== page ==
Thursday, 18 October 2018 13:37

'The Shape of Things' to Explore 'Losing Yourself' in Intense Relationships

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Shaping up -- In the upcoming SUNY Oswego theatre department production "The Shape of Things," Adam (left, played by Adam Sommer) meets the manipulative artist Evelyn (Cassandra Slough) in an art gallery -- in this case Tyler Art Gallery, amidst art faculty member Juan Perdiguero's mixed-media work for a recent exhibition. The intense, morally thought-provoking play will run Nov. 7 to 11 in Waterman Theatre. Shaping up -- In the upcoming SUNY Oswego theatre department production "The Shape of Things," Adam (left, played by Adam Sommer) meets the manipulative artist Evelyn (Cassandra Slough) in an art gallery -- in this case Tyler Art Gallery, amidst art faculty member Juan Perdiguero's mixed-media work for a recent exhibition. The intense, morally thought-provoking play will run Nov. 7 to 11 in Waterman Theatre. Submitted photo

The SUNY Oswego theatre department next month will present playwright Neil LaBute's romantic drama "The Shape of Things," a "shocking" production that exposes four college students entangled in relationships to harsh life lessons about moral conflicts.

The college's fall production will take the stage at 7:30 p.m. Wednesday to Friday, Nov. 7 to 9, as well as at 2 p.m. matinees on Saturday and Sunday, Nov. 10 and 11. All five performances are in Waterman Theatre of Tyler Hall.

LaBute is an American author and film director whose play premiered in London in 2001. "The Shape of Things" in Oswego's production takes place at a liberal arts college in California, spotlighting characters that deal with modern-day "college issues" -- and more.

Reviewer Ben Brantley in The New York Times said the play and its staging "present an implicit challenge: Are you strong enough to stomach the harsh truths that await you?”

Director Mya Brown of SUNY Oswego's theatre department sees "The Shape of Things" as still relevant because of the issues it deals with, and thinks that students -- and any audience member who has been in an all-consuming relationship -- will be able to relate.

"It's shocking, it's very in your face. I think it will inspire some debate and conversation whether the characters' actions were moral or justified," said Brown.

The play centers on Adam, a shy and awkward young man whose sudden love interest, the artist Evelyn, makes a project of him. Evelyn (theatre and cinema and screen studies dual major Cassandra Slough) subtly works to alter the physical traits of Adam (broadcasting and mass communication major Adam Sommer) -- his appearance, mannerisms, clothes and, ultimately, his moral character -- so he can become someone she thinks is more appealing to society.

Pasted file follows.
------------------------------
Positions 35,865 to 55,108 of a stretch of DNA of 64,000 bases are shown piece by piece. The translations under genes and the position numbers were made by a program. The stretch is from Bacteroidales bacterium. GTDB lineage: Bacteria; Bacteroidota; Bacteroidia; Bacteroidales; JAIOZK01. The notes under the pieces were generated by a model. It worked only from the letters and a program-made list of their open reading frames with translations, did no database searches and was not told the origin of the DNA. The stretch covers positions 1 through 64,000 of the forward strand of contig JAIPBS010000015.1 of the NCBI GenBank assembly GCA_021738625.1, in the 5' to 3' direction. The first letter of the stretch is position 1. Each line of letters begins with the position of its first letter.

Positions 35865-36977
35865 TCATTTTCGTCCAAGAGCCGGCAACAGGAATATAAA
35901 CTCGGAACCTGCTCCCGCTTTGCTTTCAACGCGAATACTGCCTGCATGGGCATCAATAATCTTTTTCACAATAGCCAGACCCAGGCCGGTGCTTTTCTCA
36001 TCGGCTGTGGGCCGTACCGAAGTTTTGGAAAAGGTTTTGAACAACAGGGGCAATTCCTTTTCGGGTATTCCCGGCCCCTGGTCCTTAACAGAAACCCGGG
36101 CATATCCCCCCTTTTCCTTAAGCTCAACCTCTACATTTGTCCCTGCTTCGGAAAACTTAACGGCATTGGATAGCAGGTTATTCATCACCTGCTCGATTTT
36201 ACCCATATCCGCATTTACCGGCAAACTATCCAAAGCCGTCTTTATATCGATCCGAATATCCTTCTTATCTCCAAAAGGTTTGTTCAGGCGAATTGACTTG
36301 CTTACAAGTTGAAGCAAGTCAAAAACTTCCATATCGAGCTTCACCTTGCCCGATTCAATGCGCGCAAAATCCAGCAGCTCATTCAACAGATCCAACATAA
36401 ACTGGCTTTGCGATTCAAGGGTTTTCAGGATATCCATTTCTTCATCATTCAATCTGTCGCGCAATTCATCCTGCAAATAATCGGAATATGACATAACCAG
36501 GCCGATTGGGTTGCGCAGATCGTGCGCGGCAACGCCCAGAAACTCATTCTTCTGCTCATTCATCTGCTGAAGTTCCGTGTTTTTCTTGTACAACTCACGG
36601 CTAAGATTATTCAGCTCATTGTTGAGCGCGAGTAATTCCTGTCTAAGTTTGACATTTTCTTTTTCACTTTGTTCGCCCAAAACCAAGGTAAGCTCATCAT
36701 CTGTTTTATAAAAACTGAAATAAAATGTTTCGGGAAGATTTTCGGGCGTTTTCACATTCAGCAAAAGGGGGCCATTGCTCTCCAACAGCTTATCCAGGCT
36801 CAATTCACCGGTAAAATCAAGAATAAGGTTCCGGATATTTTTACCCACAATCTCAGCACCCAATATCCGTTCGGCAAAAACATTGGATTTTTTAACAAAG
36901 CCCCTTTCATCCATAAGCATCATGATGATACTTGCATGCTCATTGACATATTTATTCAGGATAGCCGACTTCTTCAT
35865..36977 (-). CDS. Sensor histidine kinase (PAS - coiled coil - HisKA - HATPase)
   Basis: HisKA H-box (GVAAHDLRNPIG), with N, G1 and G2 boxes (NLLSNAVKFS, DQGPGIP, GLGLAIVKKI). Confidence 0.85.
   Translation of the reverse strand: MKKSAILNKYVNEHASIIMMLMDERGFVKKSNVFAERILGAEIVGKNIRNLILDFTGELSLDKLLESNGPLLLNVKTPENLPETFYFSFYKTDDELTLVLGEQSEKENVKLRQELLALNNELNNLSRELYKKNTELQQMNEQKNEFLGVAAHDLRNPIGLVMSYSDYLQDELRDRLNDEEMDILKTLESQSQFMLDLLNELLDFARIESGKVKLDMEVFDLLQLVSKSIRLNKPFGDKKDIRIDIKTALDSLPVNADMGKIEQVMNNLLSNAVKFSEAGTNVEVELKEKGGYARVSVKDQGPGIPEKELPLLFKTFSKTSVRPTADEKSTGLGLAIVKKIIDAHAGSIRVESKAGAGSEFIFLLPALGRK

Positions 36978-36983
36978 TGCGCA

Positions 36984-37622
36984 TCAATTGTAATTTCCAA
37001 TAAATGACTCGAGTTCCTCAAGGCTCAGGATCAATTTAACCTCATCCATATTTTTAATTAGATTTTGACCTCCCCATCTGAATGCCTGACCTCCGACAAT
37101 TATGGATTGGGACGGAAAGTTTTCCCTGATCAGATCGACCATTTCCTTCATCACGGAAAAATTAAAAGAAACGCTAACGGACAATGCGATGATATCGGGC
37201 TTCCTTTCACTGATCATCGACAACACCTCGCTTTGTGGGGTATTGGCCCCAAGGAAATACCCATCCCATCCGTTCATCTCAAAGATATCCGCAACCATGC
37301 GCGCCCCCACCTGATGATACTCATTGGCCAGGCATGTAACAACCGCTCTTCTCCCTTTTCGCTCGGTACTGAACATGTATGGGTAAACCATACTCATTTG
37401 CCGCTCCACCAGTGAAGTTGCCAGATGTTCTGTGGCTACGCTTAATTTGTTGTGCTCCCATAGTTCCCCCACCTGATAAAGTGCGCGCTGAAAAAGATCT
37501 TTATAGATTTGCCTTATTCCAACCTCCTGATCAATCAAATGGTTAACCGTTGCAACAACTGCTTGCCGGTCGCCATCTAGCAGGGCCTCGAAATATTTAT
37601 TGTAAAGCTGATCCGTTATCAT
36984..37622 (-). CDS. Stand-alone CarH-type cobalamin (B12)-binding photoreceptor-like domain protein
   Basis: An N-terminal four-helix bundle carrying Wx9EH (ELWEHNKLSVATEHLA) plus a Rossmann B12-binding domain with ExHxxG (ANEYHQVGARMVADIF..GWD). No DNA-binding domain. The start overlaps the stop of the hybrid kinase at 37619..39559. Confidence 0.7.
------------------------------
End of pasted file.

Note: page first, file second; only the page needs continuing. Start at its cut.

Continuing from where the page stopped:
The two other roles feature Natalie Griffin as Jenny and Alex Forrest as Phillip. The cast is made up of only eight people (four are understudies), while the behind-the-scenes students, faculty and staff total 18 in the crew and a production team of nearly 30. Brown said the full understudy cast will perform in two of the productions.

'Thought-provoking'

Nicole Caroselli is the stage manager and one of the student dramaturgs -- specialists in dramatic research -- for the production team. She said the play dissects relationships: "It's a lot of showing how someone will dedicate themself to their partner; it's big in society now."

Evelyn progressively alters Adam’s physical appearance in a manipulative manner. Slough describes her character as a "manipulative and obsessive person. She thinks what she is doing is right because it's for art."

The play raises difficult questions about life, art and morality. "It's entertaining as well as thought-provoking,” said Griffin, who says her character Jenny is "authentic" because "she's very true to herself and her art."

"When people are in relationships, they lose themselves," she said. "The play sheds a lot of light on that."

Michaela Buckley, cast as understudy to Slough's character, said, "Evelyn’s perspective on things is subjective. She doesn't care who she hurts in her pursuit of truth. She's trying to find the truth in what society thinks is perfect."

As Adam on stage, Sommer emphasizes his lines and evolving character with his body language. To stress specific lines, he tries to change his posture to put more tension on his shoulders, his neck area and the way he leans in and out. "I don't just use my voice or my facial features. I want to get physically into the character as well," he said, adding, "We have the (play's) words to use and those are our tools."

Despite the play's tensions, Sommer describes the relationships within the cast as "good chemistry on and off stage."

For insight into the production's dramaturgical research, visit the play's research hub, https://sites.google.com/oswego.edu/shapehub/home, developed by students in Toby Malone's "Production Dramaturgy" course.

Tickets for "The Shape of Things " are $15 ($7 for students with a current SUNY Oswego ID) and are available at all SUNY Oswego box offices, online at tickets.oswego.edu or by calling 315-312-2141.

Parking is included in the price of a ticket and is available in the employee and commuter lots in front of Culkin Hall and behind Hart and Funnelle residence halls. People with disabilities needing assistance should call 315-312-3073 in advance of a performance.

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